Oil & Human Rights in Sudan
The search for oil in Sudan is not new. Neither is the bloodshed that has exacerbated the country's religious, ethnic, and social divisions. Sudan has been a country at war with itself since its creation in 1956, and sporadic wars for southern succession raged between the north and south during the 1960s. Since 1983 an estimated two million Sudanese, mostly indigenous Dinka and Nuer from the south, have been killed. International interest in Sudanese oil dates back to as early as the 1950s when oil companies from the United States and elsewhere sought to establish permanent pipelines and fields throughout Sudan. Chevron Corporation was the first oil company to establish permanent bases in Sudan's oilrich south. Then, in 1984, it withdrew as the war intensified and rebels killed three Chevron employees. The pipelines stood idle until the civil war subsided during the 1990s. Some of the largest oil companies in the world are now part of The Greater Nile Petroleum Operating Company (GNPOC), a consortium of oil companies operating in Sudan.
The Sudanese government, notorious for its human rights violations and abuses, has used money from oil to bolster its national army. Besides being responsible for most of the two million deaths since 1983 in Sudan's messy civil war, the national army has been condemned for its use of gang rape, torture, and forced enslavement. The government is currently estimated to take in one million dollars per day in oil concessions.
Human rights groups point out that the new oil discoveries have only increased the Sudanese government's determination to rid southern indigenous groups of their oil-rich lands. The mass deportation of Dinka and Nuer from the south into squatters' camps around northern cities has intensified in the past couple of years. More than 4.5 million Sudanese, mostly indigenous, have been internally displaced. "There is perhaps no greater tragedy on the face of the earth today," says Secretary of State Colin Powell.
Human rights groups across the globe have joined together to denounce oil corporations operating in Sudan. Some campaigns have targeted firms that invest in these companies. "Fidelity is a strong force for good in the Boston community, but its fund managers must not understand the awful consequences of their investment for communities in southern Sudan," said Dr. Charles Jacobs, president of The American Anti-Slavery Group, after a recent visit to Sudan. "I have just witnessed the horrors of Western oil investment and I again urge Fidelity to stay faithful to its basic principles of community and development." The U.S. government has also shown increased interest in Sudan's turmoil. On June 9, 2001, the House of Representatives voted overwhelmingly (422 to 2) to ban any oil companies that operate in Sudan from trading on the New York Stock Exchange. During the deliberations, several representatives condemned Sudan's government and its role in Sudan's genocide. "Slave raids by the armed forces of Sudan's Khartoum government are being used to gain control of southern oil fields," said Congressman Donald Payne, former chairman of the Congressional Black Caucus. "We will continue pressuring this government until the genocide is ended and there is a resolution of these crimes against humanity."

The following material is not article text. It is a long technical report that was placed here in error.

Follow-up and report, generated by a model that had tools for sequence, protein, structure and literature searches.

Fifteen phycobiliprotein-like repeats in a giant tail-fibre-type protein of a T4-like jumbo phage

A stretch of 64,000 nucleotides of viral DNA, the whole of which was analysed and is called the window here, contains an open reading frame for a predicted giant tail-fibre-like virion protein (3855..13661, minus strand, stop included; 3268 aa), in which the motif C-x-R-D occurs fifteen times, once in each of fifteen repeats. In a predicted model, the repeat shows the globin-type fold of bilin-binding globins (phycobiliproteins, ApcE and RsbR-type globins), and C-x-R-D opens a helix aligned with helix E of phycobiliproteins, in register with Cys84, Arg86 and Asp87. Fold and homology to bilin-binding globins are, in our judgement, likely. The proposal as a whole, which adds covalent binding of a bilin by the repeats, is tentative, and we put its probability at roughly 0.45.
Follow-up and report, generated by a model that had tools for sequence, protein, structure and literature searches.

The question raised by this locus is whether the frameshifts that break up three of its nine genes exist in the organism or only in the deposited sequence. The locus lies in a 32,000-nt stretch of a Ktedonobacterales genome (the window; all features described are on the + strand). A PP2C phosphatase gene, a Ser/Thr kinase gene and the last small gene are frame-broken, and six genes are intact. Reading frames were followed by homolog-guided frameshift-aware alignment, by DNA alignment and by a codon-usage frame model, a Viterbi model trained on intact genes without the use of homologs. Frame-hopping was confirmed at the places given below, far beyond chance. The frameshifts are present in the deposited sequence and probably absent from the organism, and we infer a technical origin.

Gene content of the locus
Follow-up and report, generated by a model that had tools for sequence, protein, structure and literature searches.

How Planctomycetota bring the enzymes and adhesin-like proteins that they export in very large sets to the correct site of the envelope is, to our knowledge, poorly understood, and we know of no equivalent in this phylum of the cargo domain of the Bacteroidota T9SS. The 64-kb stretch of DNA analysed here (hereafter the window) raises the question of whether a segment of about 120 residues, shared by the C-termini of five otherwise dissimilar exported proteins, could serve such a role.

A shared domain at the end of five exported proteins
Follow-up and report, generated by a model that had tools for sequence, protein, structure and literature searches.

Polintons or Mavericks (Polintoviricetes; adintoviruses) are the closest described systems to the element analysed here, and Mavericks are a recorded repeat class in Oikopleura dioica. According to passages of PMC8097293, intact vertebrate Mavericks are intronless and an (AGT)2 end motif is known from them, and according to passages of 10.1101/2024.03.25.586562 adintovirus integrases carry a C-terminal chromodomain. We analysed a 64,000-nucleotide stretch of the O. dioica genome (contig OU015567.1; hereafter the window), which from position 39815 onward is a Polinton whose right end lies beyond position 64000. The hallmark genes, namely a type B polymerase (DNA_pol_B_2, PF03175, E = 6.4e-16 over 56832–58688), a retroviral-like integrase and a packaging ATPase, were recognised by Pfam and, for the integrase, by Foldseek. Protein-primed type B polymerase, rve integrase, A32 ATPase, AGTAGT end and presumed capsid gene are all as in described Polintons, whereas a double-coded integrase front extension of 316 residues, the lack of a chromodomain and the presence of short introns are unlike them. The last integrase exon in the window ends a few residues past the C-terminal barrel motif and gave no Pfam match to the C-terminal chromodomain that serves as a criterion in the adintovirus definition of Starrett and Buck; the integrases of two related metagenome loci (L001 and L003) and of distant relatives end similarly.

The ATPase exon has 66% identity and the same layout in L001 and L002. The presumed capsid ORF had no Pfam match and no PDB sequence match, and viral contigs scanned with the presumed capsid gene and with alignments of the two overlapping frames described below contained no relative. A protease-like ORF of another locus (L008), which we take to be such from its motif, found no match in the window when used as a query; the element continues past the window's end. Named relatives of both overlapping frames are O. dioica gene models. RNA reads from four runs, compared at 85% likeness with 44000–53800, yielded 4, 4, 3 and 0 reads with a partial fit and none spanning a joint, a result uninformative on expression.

Three oil companies on U.S. exchanges would be affected: Talisman Energy of Canada, PetroChina (owned by the Chinese government), and Lundin Oil of Sweden. A removal from U.S. stock exchanges would damage any corporation's ability to operate, and would probably scare investors away. "I don't think anybody could afford not to have access to U.S. capital markets," says President Jim Buckhee of Talisman Energy. "A company our size or similar [needs] to maintain that access.'' But some worry that foreign companies not as tied to U.S. markets may continue where companies like Talisman left off. Reports indicate that PetroChina may try to buy Talisman's assets in Sudan. "We have had a number of people approach us about those assets," says Mr. Buckhee. "And those people are obviously people who are not really concerned about what the U.S. is doing."
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